identity

[ahy-den-ti-tee, ih-den-]
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noun, plural i·den·ti·ties.


Origin of identity

1560–70; < Late Latin identitās, equivalent to Latin ident(idem) repeatedly, again and again, earlier *idem et idem (idem neuter of īdem the same + et and) + -itās -ity
Related formsnon·i·den·ti·ty, noun

Synonyms for identity

Dictionary.com Unabridged Based on the Random House Unabridged Dictionary, © Random House, Inc. 2019

British Dictionary definitions for nonidentity

identity

noun plural -ties

the state of having unique identifying characteristics held by no other person or thing
the individual characteristics by which a person or thing is recognized
Also called: numerical identity the property of being one and the same individualhis loss of memory did not affect his identity
Also called: qualitative identity the state of being the same in nature, quality, etcthey were linked by the identity of their tastes
the state of being the same as a person or thing described or claimedthe identity of the stolen goods has not yet been established
identification of oneself asmoving to London destroyed his Welsh identity
logic
  1. that relation that holds only between any entity and itself
  2. an assertion that that relation holds, as Cicero is Tully
maths
  1. an equation that is valid for all values of its variables, as in (xy)(x + y) = x ² – y ². Often denoted by the symbol ≡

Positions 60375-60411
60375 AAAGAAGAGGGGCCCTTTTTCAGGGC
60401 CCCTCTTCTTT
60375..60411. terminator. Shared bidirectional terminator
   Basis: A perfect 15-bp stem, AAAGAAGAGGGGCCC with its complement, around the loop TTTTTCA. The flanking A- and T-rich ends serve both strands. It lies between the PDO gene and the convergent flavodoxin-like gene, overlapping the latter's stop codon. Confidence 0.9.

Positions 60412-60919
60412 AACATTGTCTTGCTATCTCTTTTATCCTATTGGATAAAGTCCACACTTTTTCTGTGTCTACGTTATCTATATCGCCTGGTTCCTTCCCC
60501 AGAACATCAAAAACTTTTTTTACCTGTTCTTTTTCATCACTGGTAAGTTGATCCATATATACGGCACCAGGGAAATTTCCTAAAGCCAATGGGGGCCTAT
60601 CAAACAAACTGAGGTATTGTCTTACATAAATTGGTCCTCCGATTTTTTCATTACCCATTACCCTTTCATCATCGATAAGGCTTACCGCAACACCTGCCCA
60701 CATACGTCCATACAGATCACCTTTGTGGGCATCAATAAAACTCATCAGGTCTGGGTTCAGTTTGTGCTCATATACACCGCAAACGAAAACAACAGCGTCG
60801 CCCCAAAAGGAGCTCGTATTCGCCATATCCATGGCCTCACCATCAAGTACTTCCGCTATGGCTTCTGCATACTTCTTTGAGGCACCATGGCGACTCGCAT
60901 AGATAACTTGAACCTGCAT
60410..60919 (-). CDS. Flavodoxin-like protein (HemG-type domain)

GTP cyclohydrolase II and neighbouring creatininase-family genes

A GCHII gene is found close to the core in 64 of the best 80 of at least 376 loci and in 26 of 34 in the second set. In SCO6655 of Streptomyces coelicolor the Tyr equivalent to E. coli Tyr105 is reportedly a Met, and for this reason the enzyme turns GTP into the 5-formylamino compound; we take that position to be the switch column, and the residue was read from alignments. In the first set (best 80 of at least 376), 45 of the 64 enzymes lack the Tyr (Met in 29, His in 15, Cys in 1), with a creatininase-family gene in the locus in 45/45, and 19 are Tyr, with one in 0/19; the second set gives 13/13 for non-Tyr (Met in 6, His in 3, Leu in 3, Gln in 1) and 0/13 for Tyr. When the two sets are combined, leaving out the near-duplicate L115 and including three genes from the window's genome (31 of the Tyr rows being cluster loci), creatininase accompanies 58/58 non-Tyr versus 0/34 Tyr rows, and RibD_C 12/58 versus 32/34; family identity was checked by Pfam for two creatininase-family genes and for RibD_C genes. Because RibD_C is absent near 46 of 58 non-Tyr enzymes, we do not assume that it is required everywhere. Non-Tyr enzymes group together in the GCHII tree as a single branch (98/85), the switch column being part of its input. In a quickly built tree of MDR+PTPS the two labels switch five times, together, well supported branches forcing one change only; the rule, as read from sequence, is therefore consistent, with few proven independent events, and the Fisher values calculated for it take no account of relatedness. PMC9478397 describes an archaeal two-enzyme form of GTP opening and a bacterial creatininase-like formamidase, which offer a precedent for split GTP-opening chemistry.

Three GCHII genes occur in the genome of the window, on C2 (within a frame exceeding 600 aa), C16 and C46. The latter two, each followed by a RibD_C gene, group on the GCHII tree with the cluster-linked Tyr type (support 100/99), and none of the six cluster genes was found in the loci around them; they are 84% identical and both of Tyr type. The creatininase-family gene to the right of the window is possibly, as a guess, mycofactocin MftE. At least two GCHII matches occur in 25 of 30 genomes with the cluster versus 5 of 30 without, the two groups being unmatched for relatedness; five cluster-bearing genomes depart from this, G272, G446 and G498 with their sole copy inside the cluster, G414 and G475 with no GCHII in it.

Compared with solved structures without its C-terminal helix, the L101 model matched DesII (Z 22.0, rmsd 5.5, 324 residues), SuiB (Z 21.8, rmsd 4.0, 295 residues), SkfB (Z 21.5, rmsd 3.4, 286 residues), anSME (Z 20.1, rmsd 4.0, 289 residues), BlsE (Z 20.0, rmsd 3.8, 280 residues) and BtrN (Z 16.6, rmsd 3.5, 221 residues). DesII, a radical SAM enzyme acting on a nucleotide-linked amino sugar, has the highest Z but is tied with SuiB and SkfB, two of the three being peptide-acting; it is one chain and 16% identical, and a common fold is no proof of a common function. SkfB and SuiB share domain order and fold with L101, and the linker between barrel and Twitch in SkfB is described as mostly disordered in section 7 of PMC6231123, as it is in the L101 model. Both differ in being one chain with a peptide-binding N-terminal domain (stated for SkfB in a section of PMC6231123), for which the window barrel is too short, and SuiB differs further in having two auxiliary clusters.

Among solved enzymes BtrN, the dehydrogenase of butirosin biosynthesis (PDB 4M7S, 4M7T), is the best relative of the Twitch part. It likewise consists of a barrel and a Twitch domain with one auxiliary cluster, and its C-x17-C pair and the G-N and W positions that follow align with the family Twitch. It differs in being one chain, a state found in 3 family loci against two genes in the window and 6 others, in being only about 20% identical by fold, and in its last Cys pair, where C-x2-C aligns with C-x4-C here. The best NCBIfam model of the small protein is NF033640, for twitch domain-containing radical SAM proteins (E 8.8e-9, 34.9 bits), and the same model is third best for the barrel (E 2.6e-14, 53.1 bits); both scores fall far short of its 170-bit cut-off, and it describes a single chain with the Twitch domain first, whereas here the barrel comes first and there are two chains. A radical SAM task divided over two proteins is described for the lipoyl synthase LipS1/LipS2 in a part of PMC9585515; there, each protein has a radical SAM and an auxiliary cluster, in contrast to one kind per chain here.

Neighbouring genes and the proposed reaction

2. Also called: identity elementa member of a set that when operating on another member, x, produces that member x: the identity for multiplication of numbers is 1 since x .1 = 1. x = xSee also inverse (def. 2b)
Australian and NZ informal a well-known person, esp in a specified locality; figure (esp in the phrase an old identity)

Word Origin for identity

C16: from Late Latin identitās, from Latin idem the same
Collins English Dictionary - Complete & Unabridged 2012 Digital Edition © William Collins Sons & Co. Ltd. 1979, 1986 © HarperCollins Publishers 1998, 2000, 2003, 2005, 2006, 2007, 2009, 2012

Word Origin and History for nonidentity

identity

n.

c.1600, "sameness, oneness," from Middle French identité (14c.), from Late Latin (5c.) identitatem (nominative identitas) "sameness," from ident-, comb. form of Latin idem (neuter) "the same" (see identical); abstracted from identidem "over and over," from phrase idem et idem. [For discussion of Latin formation, see entry in OED.] Earlier form of the word in English was idemptitie (1560s), from Medieval Latin idemptitas. Term identity crisis first recorded 1954. Identity theft attested from 1995.

Online Etymology Dictionary, © 2010 Douglas Harper

nonidentity in Medicine

identity

[ī-dĕntĭ-tē]

n.

The set of behavioral or personal characteristics by which an individual is recognizable as a member of a group.
The distinct personality of an individual regarded as a persisting entity; individuality.
The American Heritage® Stedman's Medical Dictionary Copyright © 2002, 2001, 1995 by Houghton Mifflin Company. Published by Houghton Mifflin Company.